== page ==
By Mike Koehne
Despite planting delays due to rain followed by hot, dry weather, our crops don’t look too bad.
Summer conditions have been tough in our area of the U.S. Midwest. Between our first cutting of hay in mid- to late-May and our second hay cutting the second week of July, we had no rain. At the same time, temperatures ranged from 29 to 35°C, or 85 to 95°F. Since then, we’ve caught a couple of little rains that have helped, though the fields are still very dry.
Those rains have helped our high oleic soybeans, which were planted earlier, as they set and fill pods. We hired our local input supplier to apply fungicide to these soybeans early in the reproductive phase to protect and even boost yield potential. Though my oldest son and I do most of our work ourselves, the cooperative has a sprayer with a 36.6-meter, or 120-foot, boom, so they can cover more field area with fewer tracks through the field.
Our food-grade soybeans were planted much later, but the small rains in July have helped them grow and start to flower. When they reach the appropriate growth stage, we plan to have fungicide applied to them, as well, to protect yield potential and quality.
We also applied a similar fungicide application to our corn as it started reproductive stages. The corn is shorter than average, and we can tell that ears are smaller than average. The hot, dry weather will reduce corn yield, but we still want to protect crop quality as the ears fill. We have a neighbor who owns a sprayer with clearance that is high enough to go over the corn, and we hire him to apply fungicide on our corn.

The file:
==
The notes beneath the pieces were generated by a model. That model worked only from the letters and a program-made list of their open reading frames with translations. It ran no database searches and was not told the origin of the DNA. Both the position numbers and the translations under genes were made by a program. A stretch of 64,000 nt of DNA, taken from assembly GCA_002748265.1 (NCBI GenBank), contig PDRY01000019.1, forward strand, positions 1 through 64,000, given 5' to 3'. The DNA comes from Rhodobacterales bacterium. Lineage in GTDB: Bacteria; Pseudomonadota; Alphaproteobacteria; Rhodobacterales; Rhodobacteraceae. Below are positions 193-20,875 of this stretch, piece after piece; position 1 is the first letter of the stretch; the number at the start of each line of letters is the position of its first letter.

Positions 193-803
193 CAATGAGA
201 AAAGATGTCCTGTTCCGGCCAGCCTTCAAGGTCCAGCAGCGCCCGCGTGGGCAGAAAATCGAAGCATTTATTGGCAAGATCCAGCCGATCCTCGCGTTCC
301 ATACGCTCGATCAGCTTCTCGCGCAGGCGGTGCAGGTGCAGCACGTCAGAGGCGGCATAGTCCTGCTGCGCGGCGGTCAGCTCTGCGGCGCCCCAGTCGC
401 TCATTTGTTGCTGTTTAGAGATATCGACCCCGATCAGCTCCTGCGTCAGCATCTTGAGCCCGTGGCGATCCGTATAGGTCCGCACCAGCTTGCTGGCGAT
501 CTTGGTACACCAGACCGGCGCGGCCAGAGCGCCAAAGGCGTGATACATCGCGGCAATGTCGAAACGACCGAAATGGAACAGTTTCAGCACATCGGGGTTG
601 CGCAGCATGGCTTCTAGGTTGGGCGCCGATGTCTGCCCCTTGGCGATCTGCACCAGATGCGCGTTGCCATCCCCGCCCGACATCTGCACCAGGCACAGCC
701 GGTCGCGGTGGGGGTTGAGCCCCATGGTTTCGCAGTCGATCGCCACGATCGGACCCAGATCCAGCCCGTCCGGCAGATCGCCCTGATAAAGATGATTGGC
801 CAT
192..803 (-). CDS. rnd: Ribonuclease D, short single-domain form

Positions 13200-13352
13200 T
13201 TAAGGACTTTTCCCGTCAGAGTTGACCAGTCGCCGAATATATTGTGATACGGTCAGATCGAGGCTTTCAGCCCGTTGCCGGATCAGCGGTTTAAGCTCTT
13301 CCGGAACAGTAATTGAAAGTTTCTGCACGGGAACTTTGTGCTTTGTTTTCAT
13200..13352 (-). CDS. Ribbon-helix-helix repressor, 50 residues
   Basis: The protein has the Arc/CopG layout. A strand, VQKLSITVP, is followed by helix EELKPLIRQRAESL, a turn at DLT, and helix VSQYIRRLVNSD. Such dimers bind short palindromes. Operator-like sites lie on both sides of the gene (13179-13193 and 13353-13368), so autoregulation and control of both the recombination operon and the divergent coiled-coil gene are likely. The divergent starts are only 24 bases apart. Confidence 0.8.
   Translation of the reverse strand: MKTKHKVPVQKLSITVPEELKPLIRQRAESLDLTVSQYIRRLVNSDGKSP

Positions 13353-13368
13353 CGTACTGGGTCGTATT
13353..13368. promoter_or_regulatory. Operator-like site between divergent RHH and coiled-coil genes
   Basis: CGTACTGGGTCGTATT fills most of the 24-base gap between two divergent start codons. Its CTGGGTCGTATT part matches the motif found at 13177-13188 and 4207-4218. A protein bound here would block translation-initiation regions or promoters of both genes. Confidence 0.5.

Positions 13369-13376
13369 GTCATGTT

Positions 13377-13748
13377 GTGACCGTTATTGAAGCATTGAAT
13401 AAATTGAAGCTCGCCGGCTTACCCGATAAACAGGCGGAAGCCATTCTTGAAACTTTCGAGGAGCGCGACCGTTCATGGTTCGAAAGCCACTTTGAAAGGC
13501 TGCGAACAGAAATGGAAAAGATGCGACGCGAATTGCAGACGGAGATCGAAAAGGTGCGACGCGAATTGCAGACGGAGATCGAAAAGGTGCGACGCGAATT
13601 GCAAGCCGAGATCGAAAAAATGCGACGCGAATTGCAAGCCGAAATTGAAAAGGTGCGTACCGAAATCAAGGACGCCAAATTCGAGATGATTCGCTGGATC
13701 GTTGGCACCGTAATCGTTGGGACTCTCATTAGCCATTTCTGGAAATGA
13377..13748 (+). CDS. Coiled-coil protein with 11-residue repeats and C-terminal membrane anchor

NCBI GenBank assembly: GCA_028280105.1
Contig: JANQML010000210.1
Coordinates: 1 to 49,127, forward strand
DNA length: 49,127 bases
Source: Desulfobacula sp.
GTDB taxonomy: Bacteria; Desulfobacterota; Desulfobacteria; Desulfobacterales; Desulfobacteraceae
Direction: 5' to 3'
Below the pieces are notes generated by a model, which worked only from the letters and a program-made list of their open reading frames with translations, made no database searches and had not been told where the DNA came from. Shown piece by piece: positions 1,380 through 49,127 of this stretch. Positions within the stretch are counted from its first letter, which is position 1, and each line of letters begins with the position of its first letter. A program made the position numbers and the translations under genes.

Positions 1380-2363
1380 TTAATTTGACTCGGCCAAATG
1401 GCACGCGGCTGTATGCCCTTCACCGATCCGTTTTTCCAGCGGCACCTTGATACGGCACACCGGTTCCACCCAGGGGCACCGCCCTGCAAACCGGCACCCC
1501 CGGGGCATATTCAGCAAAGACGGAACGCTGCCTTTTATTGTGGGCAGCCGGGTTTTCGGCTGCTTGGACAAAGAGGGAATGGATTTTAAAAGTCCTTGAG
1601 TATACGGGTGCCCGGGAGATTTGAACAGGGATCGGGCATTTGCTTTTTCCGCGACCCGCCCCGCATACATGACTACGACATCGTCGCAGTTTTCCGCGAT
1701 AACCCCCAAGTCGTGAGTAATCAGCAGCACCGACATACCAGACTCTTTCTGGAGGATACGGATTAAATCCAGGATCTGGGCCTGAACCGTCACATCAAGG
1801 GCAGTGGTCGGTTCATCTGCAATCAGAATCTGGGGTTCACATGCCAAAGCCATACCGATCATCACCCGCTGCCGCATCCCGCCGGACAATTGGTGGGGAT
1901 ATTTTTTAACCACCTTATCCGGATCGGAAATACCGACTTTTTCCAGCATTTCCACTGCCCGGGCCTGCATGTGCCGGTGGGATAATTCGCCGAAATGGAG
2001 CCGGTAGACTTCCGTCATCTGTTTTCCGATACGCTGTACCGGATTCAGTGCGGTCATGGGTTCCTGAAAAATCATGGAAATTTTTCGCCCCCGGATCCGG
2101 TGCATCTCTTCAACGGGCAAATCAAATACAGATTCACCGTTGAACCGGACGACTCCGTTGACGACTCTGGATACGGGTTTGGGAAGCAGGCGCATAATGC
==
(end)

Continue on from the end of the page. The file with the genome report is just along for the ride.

For both crops, I prefer applying fungicide with ground rigs to aerial application because ground rigs use more water. These applications are more likely to push the fungicide all the way to the bottom leaves of the crop canopy.
The small rains have made a difference to our hay and pastures. We expect to do a third cutting of hay around August 20. However, the dry period in June was hard on the pasture where our few cattle graze. We’ve already had to start supplementing their diets with hay, which we usually just do during the winter.
We have also started getting ready for harvest. We’ve taken our combine apart to fix any problems and ensure it is in good working condition. If everything cooperates, we expect to start harvesting our high oleic soybeans in late September.Click here to see more...